Delegated Proof-of-Stake (DPOS) is the fastest, most flexible, most efficient, and most decentralized, consensus model available, and I like to think of it as technological democracy.
Imagine a system in which you, the employee, get to fire your own incompetent manager. Well, there is a new system that is very close to the reality of employees getting to fire their own bosses, and it’s called Delegated Proof-of-Stake.
You’ve probably come across the terms Proof-of-Importance (PoI), Proof-of-Stake (PoS), Proof-of-Work (PoW) or other consensus algorithms if you’ve spent any time in the Bitcoin rabbit hole. But guess what, in this article I’m not going to use words like consensus or algorithm. I’m going to try to explain what Delegated Proof-of-Stake (DPOS) is in such a way that even a complete beginner could understand it.
Why Was Delegated Proof-of-Stake Invented?
Delegated Proof-of-Stake (DPOS) is a new method of securing a crypto-currency’s network, which attempts to solve the problems of both Bitcoin’s traditional PoW system, and the PoS system of Peercoin and NXT. Delegated Proof-of-Stake method implements a layer of technological democracy to offset the negative effects of centralization.
The DPoS method was developed by Bitshares’ lead developer Daniel Larimer, aka Bytemaster. He realized that Bitcoin mining was too wasteful of energy, and he also recognized that Bitcoin mining would become centralized in the future, with giant mining pools being in control of the Bitcoin network. Bitcoin’s system was too slow because of the way it was designed and the system it used – PoW. Larimer wanted to build a system that was capable of transaction speeds like 100,000 per second, so he decided to invent and build a new system that is lightning fast, uses very little energy, and is also very secure. He decided to name this new system Delegated Proof-of-Stake, or DPOS.
Delegated Proof-of-Stake and traditional Proof-of-Stake are very different, and the difference can be compared to the difference between direct democracy and representative democracy. In regular PoS, every wallet that contains coins is able to ‘stake’. This means it can participate in process of validating transactions and forming the distributed consensus and to earn coins in return. In a DPoS system every wallet that contains coins is able to vote for delegates. These delegates perform the function of validating transactions, maintain the blockchain and take the transaction fees as profit.
What are the Ingredients for Delegated Proof-of-Stake?
The ingredients include a blockchain, a cryptocurrency, community of people, rules and computers.
(The examples below are taken from the Steem blockchain)
A witness is an authority that is allowed to produce and broadcast blocks, and people in a particular cryptocurrency community vote for Witnesses to secure their computer network.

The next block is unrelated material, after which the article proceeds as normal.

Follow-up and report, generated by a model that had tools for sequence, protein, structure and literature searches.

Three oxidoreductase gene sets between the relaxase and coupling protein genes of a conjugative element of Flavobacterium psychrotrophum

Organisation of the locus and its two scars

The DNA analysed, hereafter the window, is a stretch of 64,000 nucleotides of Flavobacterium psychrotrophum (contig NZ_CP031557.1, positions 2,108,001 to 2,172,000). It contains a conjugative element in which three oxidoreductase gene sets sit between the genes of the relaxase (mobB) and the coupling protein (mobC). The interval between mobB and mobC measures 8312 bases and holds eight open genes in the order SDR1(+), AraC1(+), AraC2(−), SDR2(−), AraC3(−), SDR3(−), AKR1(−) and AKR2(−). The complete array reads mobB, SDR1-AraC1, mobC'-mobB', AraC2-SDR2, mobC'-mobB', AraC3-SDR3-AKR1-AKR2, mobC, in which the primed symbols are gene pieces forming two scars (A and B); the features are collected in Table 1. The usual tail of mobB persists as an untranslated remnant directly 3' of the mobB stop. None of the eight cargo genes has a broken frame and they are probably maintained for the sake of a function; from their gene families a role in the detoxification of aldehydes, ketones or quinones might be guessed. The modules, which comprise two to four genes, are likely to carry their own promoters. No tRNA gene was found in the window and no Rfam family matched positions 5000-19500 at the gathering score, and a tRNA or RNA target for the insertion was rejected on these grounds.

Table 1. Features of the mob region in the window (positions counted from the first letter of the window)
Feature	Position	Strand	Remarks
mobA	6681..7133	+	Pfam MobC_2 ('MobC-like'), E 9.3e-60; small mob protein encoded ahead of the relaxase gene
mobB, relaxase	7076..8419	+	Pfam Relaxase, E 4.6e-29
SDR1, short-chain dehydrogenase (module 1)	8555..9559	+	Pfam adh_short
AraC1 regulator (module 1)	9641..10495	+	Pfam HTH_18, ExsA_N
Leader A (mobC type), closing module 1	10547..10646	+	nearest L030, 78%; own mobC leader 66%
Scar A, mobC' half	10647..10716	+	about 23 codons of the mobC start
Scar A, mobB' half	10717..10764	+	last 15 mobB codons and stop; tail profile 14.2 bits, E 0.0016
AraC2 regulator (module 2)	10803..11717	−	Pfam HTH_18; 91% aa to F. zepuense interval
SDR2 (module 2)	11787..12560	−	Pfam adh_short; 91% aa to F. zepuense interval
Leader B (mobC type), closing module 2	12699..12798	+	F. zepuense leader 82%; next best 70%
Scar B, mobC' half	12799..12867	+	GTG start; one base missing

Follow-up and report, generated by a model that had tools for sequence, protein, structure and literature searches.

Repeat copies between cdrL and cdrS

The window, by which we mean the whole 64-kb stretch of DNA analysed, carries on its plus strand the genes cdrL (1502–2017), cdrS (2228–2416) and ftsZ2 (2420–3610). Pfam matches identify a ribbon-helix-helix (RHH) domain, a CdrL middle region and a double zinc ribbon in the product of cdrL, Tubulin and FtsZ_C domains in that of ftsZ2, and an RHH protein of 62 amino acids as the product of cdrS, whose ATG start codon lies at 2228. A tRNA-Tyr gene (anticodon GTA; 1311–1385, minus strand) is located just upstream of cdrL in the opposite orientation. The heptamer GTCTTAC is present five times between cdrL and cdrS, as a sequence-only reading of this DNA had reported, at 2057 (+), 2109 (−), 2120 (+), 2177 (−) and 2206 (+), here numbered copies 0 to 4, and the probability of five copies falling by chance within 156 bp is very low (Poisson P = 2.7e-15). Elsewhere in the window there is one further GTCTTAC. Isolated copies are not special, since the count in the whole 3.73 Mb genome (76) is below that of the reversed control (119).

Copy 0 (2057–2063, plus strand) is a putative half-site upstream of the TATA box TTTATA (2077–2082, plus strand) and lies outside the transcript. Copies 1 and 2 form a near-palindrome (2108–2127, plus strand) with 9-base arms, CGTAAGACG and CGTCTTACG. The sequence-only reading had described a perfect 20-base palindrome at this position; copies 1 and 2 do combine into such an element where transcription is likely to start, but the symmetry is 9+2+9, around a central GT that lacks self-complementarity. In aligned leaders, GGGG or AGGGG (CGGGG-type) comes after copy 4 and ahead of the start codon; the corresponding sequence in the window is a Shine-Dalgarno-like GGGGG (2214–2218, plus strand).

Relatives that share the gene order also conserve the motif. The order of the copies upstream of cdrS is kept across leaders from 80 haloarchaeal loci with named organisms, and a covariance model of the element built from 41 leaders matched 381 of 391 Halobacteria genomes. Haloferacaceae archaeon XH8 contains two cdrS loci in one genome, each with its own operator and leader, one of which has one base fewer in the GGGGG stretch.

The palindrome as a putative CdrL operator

It is important to note that only the top 20 Witnesses get paid for their service. There are hundreds of backup Witnesses because many want to become a Witness.
People’s vote strength is determined by how many tokens they have, which means that people who own more tokens will influence the network more than people who own very few tokens.
It gets more and more difficult to remain a paid Witness as the community grows.
If a Witness stops doing a quality job securing the network, or starts acting like an asshole, people in the community can remove their votes, essentially firing the bad actor. Voting is always ongoing.
Current Cryptocurrency Projects That Use DPoS
- Ark (https://ark.io/)
- Lisk (https://lisk.io/)
- EOS (https://eos.io/)
- Steem (https://steem.io/)
- BitShares (https://bitshares.org/)
Here is a video that explains DPoS: (https://youtu.be/hAxDjAmRKkU)
This system works because it is able to recognize new valuable members and at the same time flush out bad actors. The system is dependent upon active voters in the community. That’s why educating new members about how the system works is extremely important to the well-being of the system. I’ve been in the Steem community for over a year. In that time, I’ve seen Witnesses come and go based on their reputation and actions.
The links below contain more in-depth descriptions of DPoS for those who want to understand it on a deeper level:
- Overview of different consensus algorithms:https://blog.wavesplatform.com/review-of-blockchain-consensus-mechanisms-f575afae38f2
- Facts about Daniel Larimer, the inventor of Delegated Proof of Stake:https://steemit.com/eosio/@xeroc/historical-facts-about-daniel-larimer-and-his-contributions-to-the-blockchain-industry
- The Merkle: https://themerkle.com/what-is-delegated-proof-of-stake/
- BitShares: http://docs.bitshares.org/bitshares/dpos.html
- DPOS updated white paper by Dan Larimer: https://steemit.com/dpos/@dantheman/dpos-consensus-algorithm-this-missing-white-paper
- DPOS vs. POW by Dan Larimer: http://bytemaster.github.io/bitshares/2015/01/04/Delegated-Proof-of-Stake-vs-Proof-of-Work/
- Dan Larimer invented DPOS in 2014: https://bitcointalk.org/index.php?topic=558316.0